There’s a lot we are yelling about right now, and rightly so. There’s the pandemic, of course. Lost jobs. The slow recovery. The elections. Racial justice issues.

But we’re only whispering about one of the most important issues facing our state — and our nation — right now: the toll this time is taking on our mental health.

We’ve always been shy talking about mental health. It’s time to get over that now, more than ever. The U.S. is in the middle of a mental health crisis the likes of which we haven’t seen in a lifetime. The latest surveys from the Centers for Disease Control and Prevention (CDC) show 41 percent of respondents (four out of every 10 of us) report mental health issues. That’s three times the number at the same time last year. The percentage of people reporting serious mental health issues is seven times higher than it was a year ago.

The pandemic is affecting everyone, but we know some groups are more impacted than others. Young adults ages 18-24, young children, seniors, caregivers, essential workers, and Black and Latinx communities are especially hurting. This is not something that will just go away as the pandemic continues. In fact, many have predicted a surge of mental health challenges coming as the reality of prolonged grief and sustained stress takes a toll on more and more of us.

There are things all of us can do to bring this issue to greater visibility. At the Institute of Emerging Issues, we convened two statewide virtual conversations in late October to highlight the problem.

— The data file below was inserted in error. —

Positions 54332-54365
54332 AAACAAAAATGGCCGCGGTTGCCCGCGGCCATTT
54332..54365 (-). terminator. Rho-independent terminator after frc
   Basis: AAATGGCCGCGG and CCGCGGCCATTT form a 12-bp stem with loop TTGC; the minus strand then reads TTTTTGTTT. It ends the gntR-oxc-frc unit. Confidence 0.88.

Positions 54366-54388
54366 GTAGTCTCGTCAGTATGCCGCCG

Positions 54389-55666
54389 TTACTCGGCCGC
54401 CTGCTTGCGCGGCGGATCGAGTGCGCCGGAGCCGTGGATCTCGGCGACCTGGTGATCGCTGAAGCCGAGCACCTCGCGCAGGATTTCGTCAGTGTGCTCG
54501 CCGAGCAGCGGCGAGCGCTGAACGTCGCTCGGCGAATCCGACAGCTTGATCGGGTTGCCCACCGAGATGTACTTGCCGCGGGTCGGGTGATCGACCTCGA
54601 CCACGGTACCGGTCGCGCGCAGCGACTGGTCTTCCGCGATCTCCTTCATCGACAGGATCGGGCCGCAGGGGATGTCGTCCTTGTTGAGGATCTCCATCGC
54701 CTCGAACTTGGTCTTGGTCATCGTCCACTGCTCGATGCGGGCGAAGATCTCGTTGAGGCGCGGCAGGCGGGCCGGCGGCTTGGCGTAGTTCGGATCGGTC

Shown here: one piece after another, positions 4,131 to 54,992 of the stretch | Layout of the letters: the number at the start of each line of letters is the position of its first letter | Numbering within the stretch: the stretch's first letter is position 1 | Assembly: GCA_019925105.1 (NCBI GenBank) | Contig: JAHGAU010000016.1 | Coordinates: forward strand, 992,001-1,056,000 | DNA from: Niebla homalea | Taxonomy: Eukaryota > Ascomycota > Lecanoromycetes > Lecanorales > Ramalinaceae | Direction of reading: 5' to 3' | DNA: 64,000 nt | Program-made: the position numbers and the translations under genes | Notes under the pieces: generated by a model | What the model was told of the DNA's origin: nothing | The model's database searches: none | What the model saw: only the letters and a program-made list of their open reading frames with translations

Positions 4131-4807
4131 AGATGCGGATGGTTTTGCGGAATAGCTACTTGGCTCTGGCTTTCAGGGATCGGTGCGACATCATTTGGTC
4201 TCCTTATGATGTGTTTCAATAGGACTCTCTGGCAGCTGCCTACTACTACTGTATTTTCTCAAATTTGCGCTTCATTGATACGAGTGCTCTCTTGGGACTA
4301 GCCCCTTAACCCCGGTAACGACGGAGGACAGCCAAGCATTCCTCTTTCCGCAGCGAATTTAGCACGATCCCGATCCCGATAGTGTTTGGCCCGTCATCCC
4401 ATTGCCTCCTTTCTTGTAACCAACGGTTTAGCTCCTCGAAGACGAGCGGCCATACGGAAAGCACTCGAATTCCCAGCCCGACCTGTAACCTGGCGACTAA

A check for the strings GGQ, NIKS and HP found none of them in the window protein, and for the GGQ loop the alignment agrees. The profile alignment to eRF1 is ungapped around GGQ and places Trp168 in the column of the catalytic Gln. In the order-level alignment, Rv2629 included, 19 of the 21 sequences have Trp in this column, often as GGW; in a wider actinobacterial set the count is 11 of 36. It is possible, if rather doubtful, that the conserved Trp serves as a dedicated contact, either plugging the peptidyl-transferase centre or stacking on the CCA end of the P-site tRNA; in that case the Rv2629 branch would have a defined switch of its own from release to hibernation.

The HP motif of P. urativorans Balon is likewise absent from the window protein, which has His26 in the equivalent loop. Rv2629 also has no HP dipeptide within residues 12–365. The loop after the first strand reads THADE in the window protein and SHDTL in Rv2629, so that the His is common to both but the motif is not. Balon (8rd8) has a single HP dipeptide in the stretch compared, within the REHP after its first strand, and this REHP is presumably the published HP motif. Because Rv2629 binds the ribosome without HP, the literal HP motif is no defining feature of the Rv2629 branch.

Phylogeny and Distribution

But if we are going to truly raise awareness of this issue and get more people more help, the real work needs to happen on a community level. We’ve looked across the state and found six community efforts we believe could inspire the rest of the state. We want to lift up their work in addressing mental health challenges and near-term needs while building support systems to thrive in a post-pandemic world.

A coalition of groups in northwest NC is leading the way with an effort called “RESOURCES and REASONS TO GROW.”

NAMI High Country is partnering with Appalachian Regional Libraries to broaden the commitment to creating “welcoming communities” supporting mental health recovery in Alleghany, Ashe, Avery, Watauga and Wilkes counties. Abundant evidence shows that community inclusion is a feasible alternative to inactive and isolated lives and is a medical necessity.

“These will be places without stigma or shame where peer support specialists assist seekers who are healing from trauma, creating collective impact through networking while embracing a competitive global economy,” said Karen Gross, Chairperson of the Community and Family Advisory Committee for Northern Region CFAC Vaya Health.

Due to COVID-19, the partnership had to pivot from in-person gatherings to virtual author interviews, direct mailings of thematic books, and other COVID-19 sensitive opportunities. The coalition is looking for additional ways to help connect the mountain villages in Ashe County to needed resources. They are particularly interested in founding a local recovery resource hub where seekers can learn and network about growth opportunities.

If we are going to make progress in meeting people where they are during the pandemic, we need to stop whispering and start speaking up about making mental health services available to everyone who needs them. People all across the state can learn a lot from this group’s collaborative work.

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By Leslie Boney, director of the Institute for Emerging Issues at NC State University who leads the Institute’s efforts to identify key issues of importance to the state and develop consensus for action to address.

Tom Mayer is the executive editor of Mountain Times Publications, a group of five news newspapers, six websites and one monthly periodical in the High Country of North Carolina.

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